A time for everything under the sky



The beauty of our multi-faceted faith is the symbiosis and interdependence of these three pillars of faith, along with the layers of social justice, doctrine and dogma.

November 11, 2022

Word in Progress Karen Michaela Tan

My teenager snuck up on me after communion and whispered, “Did the kid behind us kick you?” To my affirmative, the offspring said, “He kicked me too! But I found a way to make him stop. At my raised eyebrow, she said happily, “I backed off. Hard.”

Times like these are when I find myself in a catechetical dilemma. As my child’s first and forever faith trainer, I should talk about tolerance and turn the other cheek. I should take this opportunity to shine more of the spotlight on how Jesus was hung uncomplainingly on the cross, without despising or rebuking his executioners.

And yet sometimes bad behavior and bullies are committed in church because of the wrong call to turn the other cheek. How many times have we sat in church or ministry meetings that have been dominated by a pushy member who insists that his way is the best and most correct for the church? How many times have we had the rules of the Catechism of the Catholic Church smeared in our faces by people who read that big green book not to understand the faith, but to use its legalese against us, when most of between us just keep it because it’s big and cockroach threatening?

So many of us know at least one person who has held a position in the community for so long that they can recite each president’s tenure (and recall each one’s missteps). A person who, by virtue of making himself indispensable by knowing all the standard operating procedures that go into reserving church halls for events, the forms to be completed to request the loan of gas stoves for fundraisers, etc., also gives himself the misplaced belief that he knows best, always?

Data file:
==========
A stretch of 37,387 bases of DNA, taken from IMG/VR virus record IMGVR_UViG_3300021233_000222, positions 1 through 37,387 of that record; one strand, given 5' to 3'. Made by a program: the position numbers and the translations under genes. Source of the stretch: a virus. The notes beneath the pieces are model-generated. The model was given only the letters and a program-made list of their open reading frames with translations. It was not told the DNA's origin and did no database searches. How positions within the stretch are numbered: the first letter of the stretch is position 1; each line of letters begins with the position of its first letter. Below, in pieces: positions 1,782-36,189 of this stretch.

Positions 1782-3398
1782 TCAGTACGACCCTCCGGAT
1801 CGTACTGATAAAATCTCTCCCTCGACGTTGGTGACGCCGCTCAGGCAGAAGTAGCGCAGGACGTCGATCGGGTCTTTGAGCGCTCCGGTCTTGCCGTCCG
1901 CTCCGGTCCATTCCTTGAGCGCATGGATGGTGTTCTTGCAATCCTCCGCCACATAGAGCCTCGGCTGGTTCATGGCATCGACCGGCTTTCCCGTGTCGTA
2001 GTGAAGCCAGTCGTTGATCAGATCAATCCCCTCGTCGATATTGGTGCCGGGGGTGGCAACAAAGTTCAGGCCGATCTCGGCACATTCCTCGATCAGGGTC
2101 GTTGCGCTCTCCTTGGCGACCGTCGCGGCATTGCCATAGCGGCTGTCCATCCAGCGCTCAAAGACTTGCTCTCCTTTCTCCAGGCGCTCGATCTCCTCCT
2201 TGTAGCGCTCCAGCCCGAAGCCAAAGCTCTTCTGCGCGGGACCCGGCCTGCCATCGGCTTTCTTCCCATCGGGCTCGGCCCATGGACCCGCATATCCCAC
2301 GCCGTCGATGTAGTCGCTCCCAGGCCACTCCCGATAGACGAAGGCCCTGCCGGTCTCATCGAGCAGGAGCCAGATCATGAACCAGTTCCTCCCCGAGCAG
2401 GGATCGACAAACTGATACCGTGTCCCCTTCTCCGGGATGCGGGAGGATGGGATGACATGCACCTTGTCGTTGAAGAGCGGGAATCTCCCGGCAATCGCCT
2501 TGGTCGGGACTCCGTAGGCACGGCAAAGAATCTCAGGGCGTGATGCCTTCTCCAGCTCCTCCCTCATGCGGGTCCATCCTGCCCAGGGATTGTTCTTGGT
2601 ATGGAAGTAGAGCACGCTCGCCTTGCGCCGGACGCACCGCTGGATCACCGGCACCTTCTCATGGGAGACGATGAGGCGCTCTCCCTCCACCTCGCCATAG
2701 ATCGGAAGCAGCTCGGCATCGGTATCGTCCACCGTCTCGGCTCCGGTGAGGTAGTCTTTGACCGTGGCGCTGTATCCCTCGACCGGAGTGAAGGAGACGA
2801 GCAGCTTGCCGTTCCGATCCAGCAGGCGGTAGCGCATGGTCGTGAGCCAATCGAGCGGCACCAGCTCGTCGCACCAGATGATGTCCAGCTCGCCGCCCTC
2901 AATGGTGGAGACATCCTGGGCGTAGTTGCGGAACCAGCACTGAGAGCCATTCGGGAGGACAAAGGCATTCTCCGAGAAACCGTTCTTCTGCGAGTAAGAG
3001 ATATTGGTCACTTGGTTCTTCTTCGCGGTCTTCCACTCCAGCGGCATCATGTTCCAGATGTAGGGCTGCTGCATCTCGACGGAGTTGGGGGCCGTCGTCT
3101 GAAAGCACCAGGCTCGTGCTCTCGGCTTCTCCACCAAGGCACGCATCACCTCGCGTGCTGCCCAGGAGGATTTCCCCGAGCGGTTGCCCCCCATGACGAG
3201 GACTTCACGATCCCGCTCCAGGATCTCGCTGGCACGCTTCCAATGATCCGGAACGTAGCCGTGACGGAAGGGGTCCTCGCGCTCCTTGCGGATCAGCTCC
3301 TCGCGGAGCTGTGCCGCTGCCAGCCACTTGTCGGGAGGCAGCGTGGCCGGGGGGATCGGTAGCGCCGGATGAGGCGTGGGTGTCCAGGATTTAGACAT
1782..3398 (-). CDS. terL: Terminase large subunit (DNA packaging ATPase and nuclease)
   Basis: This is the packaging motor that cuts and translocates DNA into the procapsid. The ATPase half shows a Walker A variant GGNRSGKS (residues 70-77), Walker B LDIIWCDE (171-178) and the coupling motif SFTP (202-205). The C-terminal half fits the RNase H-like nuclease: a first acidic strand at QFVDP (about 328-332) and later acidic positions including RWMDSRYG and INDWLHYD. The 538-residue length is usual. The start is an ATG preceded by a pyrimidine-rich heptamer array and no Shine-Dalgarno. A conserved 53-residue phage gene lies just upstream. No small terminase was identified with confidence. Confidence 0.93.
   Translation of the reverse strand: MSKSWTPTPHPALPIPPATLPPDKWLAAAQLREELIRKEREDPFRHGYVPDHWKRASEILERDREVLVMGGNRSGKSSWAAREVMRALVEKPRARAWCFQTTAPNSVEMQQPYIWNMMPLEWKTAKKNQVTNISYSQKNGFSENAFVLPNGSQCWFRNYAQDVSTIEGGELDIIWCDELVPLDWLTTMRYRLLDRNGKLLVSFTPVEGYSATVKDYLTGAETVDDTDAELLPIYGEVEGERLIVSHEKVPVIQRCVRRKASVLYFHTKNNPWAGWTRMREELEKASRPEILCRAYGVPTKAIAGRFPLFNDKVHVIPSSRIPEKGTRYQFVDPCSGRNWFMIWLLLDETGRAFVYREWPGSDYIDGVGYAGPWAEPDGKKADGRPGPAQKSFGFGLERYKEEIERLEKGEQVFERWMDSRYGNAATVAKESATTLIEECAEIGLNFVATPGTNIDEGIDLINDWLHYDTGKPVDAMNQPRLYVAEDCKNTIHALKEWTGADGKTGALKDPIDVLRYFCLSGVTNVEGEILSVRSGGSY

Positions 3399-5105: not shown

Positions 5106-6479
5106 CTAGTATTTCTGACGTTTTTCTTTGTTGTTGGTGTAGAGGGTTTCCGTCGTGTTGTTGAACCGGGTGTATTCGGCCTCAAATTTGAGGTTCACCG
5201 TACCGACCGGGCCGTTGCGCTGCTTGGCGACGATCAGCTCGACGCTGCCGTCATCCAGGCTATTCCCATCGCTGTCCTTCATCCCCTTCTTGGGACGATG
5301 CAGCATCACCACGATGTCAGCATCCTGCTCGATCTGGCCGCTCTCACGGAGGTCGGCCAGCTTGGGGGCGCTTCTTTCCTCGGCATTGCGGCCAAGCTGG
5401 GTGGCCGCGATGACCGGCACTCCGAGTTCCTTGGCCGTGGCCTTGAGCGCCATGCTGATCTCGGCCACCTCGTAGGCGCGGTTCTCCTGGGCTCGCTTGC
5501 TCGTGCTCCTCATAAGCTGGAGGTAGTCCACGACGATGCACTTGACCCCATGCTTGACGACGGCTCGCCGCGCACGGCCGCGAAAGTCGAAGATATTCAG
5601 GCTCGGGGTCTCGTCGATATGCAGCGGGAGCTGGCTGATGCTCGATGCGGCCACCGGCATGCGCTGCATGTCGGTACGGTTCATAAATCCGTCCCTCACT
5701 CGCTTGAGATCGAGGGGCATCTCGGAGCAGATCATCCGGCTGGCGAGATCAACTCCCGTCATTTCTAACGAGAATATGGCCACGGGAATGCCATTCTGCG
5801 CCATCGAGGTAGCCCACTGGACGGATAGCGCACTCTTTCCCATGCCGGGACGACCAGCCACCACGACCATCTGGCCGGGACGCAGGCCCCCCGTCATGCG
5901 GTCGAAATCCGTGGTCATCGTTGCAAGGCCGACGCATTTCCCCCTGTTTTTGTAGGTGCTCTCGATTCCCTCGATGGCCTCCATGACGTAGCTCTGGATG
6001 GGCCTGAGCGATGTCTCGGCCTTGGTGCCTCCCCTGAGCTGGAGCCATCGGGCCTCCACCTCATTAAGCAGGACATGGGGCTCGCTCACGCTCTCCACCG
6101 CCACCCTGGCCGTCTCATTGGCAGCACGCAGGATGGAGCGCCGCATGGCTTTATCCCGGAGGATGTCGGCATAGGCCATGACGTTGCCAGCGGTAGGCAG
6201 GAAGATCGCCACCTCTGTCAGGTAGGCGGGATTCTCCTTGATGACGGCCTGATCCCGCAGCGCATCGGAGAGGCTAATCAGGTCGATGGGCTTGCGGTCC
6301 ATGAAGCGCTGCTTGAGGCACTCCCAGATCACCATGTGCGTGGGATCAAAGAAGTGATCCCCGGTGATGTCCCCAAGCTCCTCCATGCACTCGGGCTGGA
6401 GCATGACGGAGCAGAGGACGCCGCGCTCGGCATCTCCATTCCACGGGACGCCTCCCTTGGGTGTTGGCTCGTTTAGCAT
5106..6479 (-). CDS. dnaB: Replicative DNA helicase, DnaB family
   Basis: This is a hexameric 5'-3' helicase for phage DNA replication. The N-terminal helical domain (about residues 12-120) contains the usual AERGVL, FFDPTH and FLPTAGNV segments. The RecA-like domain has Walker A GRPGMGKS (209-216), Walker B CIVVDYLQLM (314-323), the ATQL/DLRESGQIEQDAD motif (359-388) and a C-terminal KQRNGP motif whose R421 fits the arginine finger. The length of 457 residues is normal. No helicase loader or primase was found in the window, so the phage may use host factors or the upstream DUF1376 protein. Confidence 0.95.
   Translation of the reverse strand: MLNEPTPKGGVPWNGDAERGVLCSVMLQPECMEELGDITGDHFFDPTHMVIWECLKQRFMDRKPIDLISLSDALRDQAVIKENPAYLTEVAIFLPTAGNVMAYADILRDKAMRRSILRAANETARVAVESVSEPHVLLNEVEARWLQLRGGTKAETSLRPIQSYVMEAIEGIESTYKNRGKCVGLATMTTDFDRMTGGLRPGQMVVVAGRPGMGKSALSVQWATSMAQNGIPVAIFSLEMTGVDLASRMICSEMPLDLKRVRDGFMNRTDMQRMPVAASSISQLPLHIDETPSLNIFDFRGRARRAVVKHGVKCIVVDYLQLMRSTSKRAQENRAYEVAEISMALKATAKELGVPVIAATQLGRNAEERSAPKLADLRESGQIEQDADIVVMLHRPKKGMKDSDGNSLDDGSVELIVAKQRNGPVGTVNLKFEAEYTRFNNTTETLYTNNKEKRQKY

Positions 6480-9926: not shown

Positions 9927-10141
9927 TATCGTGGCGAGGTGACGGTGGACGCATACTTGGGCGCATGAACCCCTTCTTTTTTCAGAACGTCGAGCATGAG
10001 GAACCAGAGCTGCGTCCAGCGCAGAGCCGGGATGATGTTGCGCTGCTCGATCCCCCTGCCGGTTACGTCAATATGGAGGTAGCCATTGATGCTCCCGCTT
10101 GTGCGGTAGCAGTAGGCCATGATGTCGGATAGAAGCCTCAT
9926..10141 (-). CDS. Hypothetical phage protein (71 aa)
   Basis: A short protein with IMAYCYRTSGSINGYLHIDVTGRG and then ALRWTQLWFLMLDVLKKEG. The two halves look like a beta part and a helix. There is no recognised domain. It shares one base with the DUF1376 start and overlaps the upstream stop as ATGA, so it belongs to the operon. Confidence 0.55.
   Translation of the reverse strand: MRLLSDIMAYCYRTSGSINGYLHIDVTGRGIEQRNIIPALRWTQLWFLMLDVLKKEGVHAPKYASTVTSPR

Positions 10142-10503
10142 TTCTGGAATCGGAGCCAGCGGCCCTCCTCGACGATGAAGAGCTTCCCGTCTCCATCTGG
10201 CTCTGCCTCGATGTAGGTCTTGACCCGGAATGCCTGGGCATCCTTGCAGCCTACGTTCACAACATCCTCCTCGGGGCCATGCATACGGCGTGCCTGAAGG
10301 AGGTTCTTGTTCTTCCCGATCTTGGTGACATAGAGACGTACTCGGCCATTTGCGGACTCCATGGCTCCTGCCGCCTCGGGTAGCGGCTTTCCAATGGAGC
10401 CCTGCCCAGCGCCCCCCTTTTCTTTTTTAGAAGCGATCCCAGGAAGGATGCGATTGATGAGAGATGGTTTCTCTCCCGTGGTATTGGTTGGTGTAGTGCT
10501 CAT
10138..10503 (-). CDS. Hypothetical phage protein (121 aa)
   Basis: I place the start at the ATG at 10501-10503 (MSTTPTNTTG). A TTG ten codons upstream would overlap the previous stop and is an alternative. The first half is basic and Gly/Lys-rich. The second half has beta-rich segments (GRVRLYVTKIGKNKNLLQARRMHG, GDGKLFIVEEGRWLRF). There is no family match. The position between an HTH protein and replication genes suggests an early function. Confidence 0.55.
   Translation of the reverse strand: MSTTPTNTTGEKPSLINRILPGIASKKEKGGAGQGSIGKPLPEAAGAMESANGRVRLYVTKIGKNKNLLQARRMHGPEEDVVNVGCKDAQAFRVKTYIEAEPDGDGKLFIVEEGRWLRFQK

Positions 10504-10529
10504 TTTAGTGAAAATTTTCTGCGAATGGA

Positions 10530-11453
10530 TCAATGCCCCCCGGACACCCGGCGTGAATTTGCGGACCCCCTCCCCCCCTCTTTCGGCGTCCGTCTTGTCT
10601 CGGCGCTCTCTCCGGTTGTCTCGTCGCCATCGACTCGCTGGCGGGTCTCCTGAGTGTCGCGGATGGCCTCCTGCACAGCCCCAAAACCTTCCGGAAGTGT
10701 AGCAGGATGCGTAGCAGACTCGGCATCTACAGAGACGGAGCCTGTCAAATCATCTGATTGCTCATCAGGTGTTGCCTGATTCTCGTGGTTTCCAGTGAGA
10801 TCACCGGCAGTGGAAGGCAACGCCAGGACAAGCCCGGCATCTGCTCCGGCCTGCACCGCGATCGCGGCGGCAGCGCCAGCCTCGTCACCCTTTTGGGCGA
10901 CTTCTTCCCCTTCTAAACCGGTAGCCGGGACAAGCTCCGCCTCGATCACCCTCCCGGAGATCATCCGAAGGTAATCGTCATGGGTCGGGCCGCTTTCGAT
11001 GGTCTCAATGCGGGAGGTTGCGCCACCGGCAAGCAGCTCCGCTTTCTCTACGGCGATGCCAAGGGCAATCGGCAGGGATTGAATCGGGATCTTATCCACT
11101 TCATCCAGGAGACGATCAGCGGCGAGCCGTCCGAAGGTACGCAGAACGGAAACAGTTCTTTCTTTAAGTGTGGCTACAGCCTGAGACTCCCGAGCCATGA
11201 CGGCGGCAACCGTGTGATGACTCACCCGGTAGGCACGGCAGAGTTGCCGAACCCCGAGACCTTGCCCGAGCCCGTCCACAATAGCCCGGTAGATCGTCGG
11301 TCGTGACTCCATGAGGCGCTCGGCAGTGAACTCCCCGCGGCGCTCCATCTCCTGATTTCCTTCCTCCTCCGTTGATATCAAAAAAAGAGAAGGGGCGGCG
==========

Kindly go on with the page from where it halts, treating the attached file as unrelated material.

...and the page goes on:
These people we acquiesce to, in order to keep the peace because we are “good” Catholics, are corporate HR nightmares and bullies in an unconventional sense.

Because the commandment ‘love your neighbor as yourself’ and Luke 6:29 “If anyone slaps you on one cheek, offer him the other also. If anyone takes your coat, do not take your shirt” is used so arbitrarily and without any real context, the “good” Catholic suffers and seethes, muttering between his teeth: “We must pray for him”.

Leadership in the Church is basically a thankless job. Long-time (and long-suffering) BEC Coordinators don’t get raises (or raises!). There is also no gold watch at the end of their service.
These selfless men and women do what they do because they believe in charisms, and they live the gospel exhortation of Matthew 28:19-20, to go and make disciples of all nations, teaching them to observe whatever God commanded them.

While I am not suggesting that service to church, community, and God be tainted by overly secular means of reward and recognition, I do believe that all church ministries need organizational checks and balances , because it gives members the mandate to raise human issues. kind of resource.

This must be understood and sanctioned by all parish administrators and priests, whether or not they are particularly gifted in the art of organizational management. While the Church is directed by the Word of God (Holy Scripture), it is, unlike other Christian denominations, also guided by Sacred Tradition and the Magisterium (the authority of the Church to give authentic interpretation of the Word of God and of Tradition).